Communications Minister Khumbudzo Ntshavheni is talking to the regulator and mobile operators to find an amicable solution to the legal battle around temporary spectrum.
The minister’s intervention comes after Telkom, MTN, and Vodacom have launched legal action against the regulator’s decision to take back the temporary spectrum.
The Independent Communications Authority of South Africa (Icasa) assigned temporary radio frequency spectrum to operators at the start of South Africa’s national state of disaster.
This spectrum, Icasa said, was needed to help network operators cope with the surge in demand for data during the Covid–19 lockdown.
The regulator recently announced the temporary spectrum would have to be returned by no later than 30 November 2021.
This announcement did not sit well with most mobile operators, which highlighted that the demand for data is higher than ever.
Should they have to give back their temporary spectrum, it will impact the quality of service on their networks and may even lead to price increases.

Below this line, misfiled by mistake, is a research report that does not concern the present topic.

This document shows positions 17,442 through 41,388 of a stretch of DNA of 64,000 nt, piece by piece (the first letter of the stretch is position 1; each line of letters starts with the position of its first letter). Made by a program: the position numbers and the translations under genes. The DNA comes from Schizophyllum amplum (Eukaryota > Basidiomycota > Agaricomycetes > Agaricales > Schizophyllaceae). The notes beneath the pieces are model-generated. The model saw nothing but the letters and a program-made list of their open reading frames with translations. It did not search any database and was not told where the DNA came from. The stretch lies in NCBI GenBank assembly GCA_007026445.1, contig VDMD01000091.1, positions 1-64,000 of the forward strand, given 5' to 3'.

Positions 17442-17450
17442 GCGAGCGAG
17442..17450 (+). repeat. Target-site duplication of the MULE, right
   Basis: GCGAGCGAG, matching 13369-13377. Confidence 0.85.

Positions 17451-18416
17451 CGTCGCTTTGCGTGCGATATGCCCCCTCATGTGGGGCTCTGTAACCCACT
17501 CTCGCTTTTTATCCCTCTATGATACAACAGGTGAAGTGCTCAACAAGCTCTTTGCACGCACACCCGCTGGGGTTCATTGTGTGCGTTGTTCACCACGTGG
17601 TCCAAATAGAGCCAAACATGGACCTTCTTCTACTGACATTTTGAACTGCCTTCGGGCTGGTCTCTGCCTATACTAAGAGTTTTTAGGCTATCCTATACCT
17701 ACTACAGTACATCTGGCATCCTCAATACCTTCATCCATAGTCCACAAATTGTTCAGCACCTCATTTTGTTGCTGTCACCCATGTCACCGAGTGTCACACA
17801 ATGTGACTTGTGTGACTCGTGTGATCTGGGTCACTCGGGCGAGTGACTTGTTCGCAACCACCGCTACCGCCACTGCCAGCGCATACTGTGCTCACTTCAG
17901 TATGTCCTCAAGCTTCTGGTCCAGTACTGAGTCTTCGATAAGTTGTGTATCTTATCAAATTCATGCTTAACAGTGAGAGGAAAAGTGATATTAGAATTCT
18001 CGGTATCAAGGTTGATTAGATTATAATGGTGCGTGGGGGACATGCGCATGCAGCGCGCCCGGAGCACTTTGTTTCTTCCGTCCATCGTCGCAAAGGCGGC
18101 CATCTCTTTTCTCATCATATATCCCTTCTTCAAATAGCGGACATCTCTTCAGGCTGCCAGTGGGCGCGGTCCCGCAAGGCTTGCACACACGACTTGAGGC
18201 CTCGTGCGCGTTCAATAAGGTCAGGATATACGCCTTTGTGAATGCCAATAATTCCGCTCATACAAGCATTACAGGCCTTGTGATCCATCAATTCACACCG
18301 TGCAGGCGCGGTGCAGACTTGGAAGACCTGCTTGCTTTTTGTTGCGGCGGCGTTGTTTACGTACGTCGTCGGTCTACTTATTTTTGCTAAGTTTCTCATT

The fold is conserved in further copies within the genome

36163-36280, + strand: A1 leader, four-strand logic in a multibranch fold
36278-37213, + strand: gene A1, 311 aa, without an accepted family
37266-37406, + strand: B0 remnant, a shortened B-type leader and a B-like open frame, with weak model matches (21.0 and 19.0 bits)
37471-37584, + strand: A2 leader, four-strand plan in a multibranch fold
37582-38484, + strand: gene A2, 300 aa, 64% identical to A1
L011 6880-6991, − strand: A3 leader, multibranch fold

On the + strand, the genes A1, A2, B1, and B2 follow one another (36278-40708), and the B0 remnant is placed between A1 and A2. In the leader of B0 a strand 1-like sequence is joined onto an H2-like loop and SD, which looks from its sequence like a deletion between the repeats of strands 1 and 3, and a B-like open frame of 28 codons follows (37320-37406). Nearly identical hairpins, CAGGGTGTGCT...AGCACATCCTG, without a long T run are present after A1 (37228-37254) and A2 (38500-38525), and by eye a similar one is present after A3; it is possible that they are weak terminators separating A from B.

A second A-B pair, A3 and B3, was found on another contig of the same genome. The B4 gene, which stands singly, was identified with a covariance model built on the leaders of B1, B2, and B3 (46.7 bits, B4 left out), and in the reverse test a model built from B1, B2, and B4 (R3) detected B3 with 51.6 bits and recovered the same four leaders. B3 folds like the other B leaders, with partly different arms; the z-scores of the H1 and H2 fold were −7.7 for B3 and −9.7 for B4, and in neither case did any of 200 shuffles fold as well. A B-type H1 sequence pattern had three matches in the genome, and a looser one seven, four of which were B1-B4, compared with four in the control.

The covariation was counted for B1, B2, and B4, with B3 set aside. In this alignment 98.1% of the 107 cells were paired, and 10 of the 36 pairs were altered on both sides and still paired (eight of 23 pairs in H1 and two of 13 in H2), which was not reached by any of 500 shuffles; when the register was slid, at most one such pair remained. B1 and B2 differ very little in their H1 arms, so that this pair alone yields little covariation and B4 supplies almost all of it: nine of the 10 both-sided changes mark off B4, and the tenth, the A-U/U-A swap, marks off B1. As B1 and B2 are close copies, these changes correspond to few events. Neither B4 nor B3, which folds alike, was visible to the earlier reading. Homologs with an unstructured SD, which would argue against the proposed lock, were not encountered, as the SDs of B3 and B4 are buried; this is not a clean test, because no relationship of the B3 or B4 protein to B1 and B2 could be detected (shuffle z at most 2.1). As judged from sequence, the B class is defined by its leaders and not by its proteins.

Telkom, MTN, and Vodacom have subsequently launched a legal challenge to Icasa’s plan, arguing that the temporary spectrum must remain in place for the duration of South Africa’s Covid-19 national state of disaster.
Icasa has vowed to fight the court case that Telkom and others filed to block it from taking back the emergency radio frequency spectrum.
“Icasa believes that the circumstances and considerations that informed the issuing of the radio frequency spectrum at the onset of the pandemic never contemplated that the spectrum would be licensed on a long-term or semi-permanent basis,” the regulator said.
“The Authority will therefore be derelict in its duty if it were, by default, to perpetuate what is now becoming an anti-competitive, unfair, and unjust spectrum licensing regime, under the guise of pandemic relief.”
With the court battle looming, the Department of Communications & Digital Technologies will now intervene in the matter.
Department of Communications spokesperson Tlali Tlali said the minister is engaging with all parties to find an amicable solution in the spectrum standoff.
“The department’s view is that the courts should be an option of last resort to be explored only in the event all other efforts do not yield desirable outcomes,” the Sunday Times quoted him as saying.